Availability of professional contractors will affect the rates you will get, and whether the existing roof needs to be torn off and disposed of, which is generally not the case with metal shingles, but could be.
Usually, metal shingle roofs need what is called a “breathable layer” or underlayment that is just below the metal and helps act as a breathable (to prevent trapping moisture below the underlayment) moisture barrier, though this will only add around $25-$50 per square (equals to 100 sq. ft.) to the overall cost of materials.
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The greater the square footage of your roof, the less you can plan to pay for the materials and installation on a per square foot basis.
Technically, G-90 galvanized steel (24- 26-gauge coated steel), a common material option for metal shingles and tiles, is less expensive than aluminum, but by the time metal shingles are sold to the end consumer as part of a complete re-roofing job, G-90 steel shingles end up costing roughly the same as aluminum shingles.
Both aluminum and steel are likely to be coated or finished with paint. It’s important that you go with Kynar 500 or Hylar 5000, factory applied paint finish, as these will offer the best protection and usually carry a minimum 30-year warranty.
Colors are in essence unlimited, but wholesalers tend to stock about a dozen popular options which is usually what most homeowners choose. Texture adds a whole other level to the available options.
Steel used for residential roofing applications normally gets an extra layer of protection from oxidation and corrosion through hot dip galvanization process before the final paint finish like Kynar 500 is applied.
The galvanic layer of protection is applied by dipping steel sheets into molten zinc. — Think of this as a metallic primer that greatly protects the steel base material. Without it, steel is prone to corrosion, commonly referenced as rust.
Did you know? Even aluminum can corrode, but tends to chalk up, or get a whitish film to it, when it’s protective (painted) layer has faded.
The coating on galvanized steel is 100% zinc, which is one of the most durable metals around. Some metal panels may also come coated in a mixture of zinc and aluminum. The all-zinc coating is G-90 “galvanized steel” and the combination zinc and aluminum coating is referred to as “Galvalume” (better protection from corrosion for some applications).
ROI and Value Recouped at Resale Considerations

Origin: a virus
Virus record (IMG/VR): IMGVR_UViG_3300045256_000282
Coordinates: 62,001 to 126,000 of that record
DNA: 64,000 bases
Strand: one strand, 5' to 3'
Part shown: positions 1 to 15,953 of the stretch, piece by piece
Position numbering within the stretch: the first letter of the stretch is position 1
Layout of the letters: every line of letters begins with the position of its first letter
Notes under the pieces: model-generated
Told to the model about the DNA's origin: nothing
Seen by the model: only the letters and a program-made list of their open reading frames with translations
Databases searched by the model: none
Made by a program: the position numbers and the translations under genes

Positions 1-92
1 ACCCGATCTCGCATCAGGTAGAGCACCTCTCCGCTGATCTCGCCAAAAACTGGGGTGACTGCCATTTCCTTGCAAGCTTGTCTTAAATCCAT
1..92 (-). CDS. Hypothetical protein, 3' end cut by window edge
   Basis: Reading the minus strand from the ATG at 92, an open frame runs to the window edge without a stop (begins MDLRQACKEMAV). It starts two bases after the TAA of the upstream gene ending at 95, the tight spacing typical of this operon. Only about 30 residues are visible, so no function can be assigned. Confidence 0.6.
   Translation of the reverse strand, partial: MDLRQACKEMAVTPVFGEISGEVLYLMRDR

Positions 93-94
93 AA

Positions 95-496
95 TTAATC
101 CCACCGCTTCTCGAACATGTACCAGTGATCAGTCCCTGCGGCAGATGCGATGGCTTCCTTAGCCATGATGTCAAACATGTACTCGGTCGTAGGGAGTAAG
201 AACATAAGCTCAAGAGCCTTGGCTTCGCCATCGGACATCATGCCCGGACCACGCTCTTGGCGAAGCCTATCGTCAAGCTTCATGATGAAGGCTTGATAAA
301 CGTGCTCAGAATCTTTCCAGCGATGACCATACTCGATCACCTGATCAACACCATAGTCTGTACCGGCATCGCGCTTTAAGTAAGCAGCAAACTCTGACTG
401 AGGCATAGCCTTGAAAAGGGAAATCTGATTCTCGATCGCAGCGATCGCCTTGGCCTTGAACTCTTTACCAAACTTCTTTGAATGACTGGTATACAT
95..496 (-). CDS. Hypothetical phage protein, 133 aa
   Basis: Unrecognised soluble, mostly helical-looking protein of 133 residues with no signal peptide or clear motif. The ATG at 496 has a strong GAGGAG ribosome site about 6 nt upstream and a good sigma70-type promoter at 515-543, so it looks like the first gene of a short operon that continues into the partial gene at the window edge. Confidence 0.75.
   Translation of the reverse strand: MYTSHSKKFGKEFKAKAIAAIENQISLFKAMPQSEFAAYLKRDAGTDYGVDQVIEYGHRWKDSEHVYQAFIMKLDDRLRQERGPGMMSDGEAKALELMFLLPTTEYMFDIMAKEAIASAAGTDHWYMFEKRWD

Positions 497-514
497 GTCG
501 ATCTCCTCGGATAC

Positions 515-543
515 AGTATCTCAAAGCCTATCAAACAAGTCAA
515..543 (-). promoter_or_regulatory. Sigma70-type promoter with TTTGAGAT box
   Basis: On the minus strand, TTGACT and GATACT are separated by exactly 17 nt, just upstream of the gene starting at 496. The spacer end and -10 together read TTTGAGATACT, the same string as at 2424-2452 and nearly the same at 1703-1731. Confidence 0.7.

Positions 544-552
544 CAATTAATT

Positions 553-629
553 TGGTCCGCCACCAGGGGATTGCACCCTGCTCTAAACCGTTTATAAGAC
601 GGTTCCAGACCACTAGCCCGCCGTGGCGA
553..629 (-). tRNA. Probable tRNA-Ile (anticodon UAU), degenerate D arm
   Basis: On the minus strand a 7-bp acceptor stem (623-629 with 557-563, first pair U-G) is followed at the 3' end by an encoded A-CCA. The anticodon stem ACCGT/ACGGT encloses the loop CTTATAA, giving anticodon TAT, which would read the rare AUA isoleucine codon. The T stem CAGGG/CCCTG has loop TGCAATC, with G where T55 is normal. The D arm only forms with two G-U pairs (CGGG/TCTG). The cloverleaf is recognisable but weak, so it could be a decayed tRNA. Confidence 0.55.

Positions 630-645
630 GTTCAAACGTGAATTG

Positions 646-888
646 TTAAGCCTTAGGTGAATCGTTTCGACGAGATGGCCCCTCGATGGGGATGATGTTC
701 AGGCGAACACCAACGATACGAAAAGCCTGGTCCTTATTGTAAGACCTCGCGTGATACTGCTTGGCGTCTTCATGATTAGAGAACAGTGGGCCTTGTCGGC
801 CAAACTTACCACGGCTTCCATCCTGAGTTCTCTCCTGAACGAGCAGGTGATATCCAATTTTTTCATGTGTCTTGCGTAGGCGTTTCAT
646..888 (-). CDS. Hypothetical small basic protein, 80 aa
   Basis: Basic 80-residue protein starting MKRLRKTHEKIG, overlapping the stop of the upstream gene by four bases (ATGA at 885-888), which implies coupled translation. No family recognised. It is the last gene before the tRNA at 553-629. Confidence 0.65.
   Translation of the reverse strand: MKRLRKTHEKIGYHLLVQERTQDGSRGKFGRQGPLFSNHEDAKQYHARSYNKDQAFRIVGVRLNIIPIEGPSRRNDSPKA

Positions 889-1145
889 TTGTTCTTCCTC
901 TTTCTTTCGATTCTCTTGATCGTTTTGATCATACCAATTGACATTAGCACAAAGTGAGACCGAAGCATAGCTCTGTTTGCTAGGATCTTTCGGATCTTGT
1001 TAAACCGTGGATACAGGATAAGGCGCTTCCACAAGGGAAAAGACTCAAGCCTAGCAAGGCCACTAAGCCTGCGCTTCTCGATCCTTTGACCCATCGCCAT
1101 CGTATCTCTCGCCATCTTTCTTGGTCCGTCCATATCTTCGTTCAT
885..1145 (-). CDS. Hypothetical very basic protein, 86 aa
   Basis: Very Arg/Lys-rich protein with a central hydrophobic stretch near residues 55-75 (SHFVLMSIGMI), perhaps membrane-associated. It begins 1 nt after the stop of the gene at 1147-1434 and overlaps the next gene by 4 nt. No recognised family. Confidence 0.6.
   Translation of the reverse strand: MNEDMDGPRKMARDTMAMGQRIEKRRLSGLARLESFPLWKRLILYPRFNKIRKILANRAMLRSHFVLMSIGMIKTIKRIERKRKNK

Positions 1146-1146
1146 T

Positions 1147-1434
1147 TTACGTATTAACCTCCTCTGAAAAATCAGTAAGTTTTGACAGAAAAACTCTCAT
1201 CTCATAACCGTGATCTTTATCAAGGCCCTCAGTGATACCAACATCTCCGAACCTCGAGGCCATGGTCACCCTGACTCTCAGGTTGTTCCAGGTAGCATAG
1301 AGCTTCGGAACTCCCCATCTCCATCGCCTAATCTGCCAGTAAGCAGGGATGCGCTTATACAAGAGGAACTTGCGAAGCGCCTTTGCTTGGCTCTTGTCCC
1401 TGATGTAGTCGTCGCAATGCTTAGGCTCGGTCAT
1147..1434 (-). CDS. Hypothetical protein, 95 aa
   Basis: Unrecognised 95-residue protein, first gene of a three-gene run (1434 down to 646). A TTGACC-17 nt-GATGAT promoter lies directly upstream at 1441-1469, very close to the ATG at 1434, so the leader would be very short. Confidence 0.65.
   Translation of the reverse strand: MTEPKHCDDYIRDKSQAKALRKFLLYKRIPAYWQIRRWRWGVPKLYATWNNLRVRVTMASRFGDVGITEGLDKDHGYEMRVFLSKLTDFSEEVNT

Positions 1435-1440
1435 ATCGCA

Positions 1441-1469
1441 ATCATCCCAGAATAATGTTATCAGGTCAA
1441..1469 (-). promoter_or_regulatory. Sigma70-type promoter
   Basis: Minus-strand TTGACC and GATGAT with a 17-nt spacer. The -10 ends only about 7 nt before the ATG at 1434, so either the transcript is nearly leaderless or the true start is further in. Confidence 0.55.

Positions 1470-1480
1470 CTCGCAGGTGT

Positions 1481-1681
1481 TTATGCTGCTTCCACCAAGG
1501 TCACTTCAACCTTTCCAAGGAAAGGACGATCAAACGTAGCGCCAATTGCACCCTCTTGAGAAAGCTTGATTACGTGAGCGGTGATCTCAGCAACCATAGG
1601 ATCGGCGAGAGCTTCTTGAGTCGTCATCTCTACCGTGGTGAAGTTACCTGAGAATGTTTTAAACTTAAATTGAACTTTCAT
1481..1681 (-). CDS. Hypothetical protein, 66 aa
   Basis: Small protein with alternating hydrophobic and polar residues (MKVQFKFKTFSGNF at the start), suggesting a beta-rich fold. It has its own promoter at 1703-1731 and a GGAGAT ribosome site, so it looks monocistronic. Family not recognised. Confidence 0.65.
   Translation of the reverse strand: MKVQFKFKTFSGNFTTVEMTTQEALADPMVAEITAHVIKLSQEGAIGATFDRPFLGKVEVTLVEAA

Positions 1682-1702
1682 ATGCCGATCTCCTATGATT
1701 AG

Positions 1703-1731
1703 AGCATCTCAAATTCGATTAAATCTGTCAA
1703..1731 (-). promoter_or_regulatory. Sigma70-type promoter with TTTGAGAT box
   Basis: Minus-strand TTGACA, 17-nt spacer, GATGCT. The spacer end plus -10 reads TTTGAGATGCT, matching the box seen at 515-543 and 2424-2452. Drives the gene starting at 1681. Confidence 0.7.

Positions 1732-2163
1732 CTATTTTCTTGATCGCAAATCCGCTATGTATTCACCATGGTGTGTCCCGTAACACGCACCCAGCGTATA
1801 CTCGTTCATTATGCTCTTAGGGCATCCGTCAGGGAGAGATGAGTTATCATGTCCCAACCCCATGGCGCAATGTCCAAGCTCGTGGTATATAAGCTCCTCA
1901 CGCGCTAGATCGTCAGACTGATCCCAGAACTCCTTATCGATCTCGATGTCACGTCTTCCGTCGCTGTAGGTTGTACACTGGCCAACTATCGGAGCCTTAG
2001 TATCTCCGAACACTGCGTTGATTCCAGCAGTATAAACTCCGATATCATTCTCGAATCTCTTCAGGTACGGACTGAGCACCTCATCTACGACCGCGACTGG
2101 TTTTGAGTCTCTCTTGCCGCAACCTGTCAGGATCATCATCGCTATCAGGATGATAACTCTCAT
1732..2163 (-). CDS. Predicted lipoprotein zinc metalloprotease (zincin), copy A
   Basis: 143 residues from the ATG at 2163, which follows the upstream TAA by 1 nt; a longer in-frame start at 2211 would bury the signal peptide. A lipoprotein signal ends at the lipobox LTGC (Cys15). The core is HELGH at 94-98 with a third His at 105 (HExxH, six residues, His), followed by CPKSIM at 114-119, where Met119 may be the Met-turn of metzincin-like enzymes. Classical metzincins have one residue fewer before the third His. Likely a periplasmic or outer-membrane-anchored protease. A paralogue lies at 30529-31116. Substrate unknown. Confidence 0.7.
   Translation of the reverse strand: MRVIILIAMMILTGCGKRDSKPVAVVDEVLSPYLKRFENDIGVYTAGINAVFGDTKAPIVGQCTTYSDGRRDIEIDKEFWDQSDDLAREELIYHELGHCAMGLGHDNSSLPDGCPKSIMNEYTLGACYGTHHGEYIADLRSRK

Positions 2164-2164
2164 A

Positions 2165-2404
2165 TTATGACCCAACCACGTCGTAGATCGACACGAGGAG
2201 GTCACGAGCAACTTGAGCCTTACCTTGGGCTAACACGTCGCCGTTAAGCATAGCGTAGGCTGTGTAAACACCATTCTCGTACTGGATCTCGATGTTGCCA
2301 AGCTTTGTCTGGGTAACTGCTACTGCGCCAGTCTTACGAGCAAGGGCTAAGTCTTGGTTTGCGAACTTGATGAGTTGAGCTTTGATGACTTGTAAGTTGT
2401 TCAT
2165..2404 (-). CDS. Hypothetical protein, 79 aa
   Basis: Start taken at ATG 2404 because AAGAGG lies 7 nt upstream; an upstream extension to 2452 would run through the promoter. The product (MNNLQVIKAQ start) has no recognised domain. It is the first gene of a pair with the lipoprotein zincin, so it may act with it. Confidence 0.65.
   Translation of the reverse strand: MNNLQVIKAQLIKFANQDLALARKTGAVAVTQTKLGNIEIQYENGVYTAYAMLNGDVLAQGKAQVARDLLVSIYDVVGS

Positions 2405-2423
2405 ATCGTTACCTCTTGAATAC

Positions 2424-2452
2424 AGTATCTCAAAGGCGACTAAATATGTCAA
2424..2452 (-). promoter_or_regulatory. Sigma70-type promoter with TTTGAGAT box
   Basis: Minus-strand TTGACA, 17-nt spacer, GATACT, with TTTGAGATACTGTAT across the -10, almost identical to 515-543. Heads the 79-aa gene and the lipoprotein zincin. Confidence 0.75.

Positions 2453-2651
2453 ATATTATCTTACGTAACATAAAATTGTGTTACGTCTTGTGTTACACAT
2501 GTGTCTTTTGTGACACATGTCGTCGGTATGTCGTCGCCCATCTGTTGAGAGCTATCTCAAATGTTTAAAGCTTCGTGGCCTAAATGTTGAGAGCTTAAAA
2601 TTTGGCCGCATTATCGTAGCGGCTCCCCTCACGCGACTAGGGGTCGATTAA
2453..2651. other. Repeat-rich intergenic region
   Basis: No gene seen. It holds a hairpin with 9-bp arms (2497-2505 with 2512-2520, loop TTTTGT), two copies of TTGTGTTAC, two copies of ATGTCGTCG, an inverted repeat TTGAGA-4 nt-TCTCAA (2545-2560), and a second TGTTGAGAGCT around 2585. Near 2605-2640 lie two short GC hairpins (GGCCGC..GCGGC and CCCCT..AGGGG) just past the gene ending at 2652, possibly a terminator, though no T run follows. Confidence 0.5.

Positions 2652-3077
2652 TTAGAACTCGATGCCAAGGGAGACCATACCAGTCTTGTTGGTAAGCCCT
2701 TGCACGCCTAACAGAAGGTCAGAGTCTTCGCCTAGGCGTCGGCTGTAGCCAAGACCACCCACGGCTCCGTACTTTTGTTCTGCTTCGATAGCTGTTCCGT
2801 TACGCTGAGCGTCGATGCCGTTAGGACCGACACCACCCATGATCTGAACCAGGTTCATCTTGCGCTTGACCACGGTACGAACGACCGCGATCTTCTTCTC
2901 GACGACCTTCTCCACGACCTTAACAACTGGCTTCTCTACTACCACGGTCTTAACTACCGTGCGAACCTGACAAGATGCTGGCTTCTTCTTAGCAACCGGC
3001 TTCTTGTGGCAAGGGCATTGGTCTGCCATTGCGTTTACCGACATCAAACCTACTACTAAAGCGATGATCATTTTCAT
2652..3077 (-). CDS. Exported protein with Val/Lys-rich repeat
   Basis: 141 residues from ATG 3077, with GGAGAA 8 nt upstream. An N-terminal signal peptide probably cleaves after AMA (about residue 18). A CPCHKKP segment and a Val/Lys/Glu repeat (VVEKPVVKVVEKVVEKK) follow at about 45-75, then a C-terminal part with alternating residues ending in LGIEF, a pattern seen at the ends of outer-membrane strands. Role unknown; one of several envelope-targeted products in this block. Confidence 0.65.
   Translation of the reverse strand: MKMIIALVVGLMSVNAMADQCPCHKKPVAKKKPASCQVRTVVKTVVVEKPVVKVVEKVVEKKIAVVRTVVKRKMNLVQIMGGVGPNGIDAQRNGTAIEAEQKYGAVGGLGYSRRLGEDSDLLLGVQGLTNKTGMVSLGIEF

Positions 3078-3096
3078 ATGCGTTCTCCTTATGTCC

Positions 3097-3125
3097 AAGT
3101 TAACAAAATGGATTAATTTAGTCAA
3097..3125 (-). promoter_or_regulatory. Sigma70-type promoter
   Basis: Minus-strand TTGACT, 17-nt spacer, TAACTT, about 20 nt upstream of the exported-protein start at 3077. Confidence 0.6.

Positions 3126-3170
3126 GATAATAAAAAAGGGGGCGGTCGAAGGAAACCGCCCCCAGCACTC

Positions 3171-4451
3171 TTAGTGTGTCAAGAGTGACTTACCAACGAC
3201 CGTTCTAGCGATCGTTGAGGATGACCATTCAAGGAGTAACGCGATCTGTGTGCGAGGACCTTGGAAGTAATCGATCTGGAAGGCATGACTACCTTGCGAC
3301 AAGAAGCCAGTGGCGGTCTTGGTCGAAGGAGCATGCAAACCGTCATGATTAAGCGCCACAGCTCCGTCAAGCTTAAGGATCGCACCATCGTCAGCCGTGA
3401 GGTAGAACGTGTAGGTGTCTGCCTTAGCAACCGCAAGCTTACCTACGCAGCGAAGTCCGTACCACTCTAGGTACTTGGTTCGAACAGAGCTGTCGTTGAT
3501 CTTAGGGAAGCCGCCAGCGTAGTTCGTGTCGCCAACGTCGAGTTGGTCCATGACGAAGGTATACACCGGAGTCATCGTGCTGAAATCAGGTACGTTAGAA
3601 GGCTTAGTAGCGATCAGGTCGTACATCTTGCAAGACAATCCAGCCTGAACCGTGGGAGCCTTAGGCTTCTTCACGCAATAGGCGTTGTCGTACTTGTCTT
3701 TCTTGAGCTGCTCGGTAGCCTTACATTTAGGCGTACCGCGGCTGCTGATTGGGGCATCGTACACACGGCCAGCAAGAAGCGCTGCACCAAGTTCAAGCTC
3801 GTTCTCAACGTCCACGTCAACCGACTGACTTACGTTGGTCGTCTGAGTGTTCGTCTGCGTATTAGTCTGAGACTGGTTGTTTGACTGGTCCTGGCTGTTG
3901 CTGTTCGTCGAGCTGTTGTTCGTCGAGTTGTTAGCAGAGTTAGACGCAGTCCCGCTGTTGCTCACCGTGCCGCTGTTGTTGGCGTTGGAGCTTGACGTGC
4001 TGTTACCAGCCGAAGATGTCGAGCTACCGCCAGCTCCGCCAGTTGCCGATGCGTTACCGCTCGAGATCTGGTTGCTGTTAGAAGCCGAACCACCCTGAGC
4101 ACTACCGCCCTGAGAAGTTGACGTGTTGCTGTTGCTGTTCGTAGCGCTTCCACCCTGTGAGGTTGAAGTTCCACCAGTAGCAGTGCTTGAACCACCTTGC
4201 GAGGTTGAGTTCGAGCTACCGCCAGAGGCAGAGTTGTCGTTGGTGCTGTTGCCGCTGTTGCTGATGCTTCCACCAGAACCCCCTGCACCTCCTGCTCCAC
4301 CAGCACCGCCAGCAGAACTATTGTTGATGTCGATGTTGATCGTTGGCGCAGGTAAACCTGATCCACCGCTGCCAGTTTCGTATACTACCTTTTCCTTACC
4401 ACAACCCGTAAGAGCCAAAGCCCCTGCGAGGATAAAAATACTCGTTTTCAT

As you can imagine, metal and stone roofs will last longer than all other roof types. This is huge advantage and is what makes them a great investment.
By the time a home has gone through 3 quality life cycles of asphalt shingles, a metal roof might need replacement for its first time.
While the initial costs are significantly higher for metal compared to asphalt shingles, the lasting value favors metal. Again, see the Advantages section below to help with the perspective.
The Return on Investment (or ROI in the form of cost-to-value return at resale) for metal roofs supersede all other roofing materials. Most metal roof manufacturers, especially for tile products, carry a 50 year, non-prorated and fully transferable warranty.
Asphalt shingles would be lucky to last half that long, and their warranty usually is around half that, plus their warranty is normally prorated.
Cedar shake roofs certainly have natural beauty, but metal shakes can come fairly close to matching their appearance and will easily outlast their wood counterpart.
Metal roofs continue to grow in popularity which only increases their resale value. The national average cost-to-value return range is between 70% and 86% in the total value recouped when the house is sold. This number varies by region; the east coast tends to see the highest ROI for residential metal roofing, followed by coastal cities and suburban areas on the west coast.
Stylistic Fact A classic colonial or brick home will benefit perhaps the most from metal shingle roofing as far as preserving the traditional look, while obtaining all the advantages of a metal roof.
Note: The asterisk after the items below are unique to metal shingles. Most of the advantages, and disadvantages, hold true for all types of metal roofs.
- Can be applied over an existing roof*
- Special coating of material resists dirt and environmental aging
- Very wide range of variation in terms of shape, texture and color*
- Durability factor 1 – will last a long time – 100 years on average
- Durability factor 2 – will withstand 110 mph winds
- Durability factor 3 – can withstand hail (check manufacturer information for exact impact resistance rating and warranty)
- Excellent ROI
- Made up usually of recycled material, thus green friendly, and is 100% recyclable
- Will not burn, insects will not eat away at it, will not mildew
- adding solar paneling down the road can be expensive and expose weaknesses of metal shingles*
- significantly higher installation cost than asphalt shingles
- can dent from large hail or if walked on without care
- the material will outlast the coated finishes, so re-coating is part of maintenance (though usually 30 years minimum after installation)
- Repairing individual shingles can be challenging and/or costly*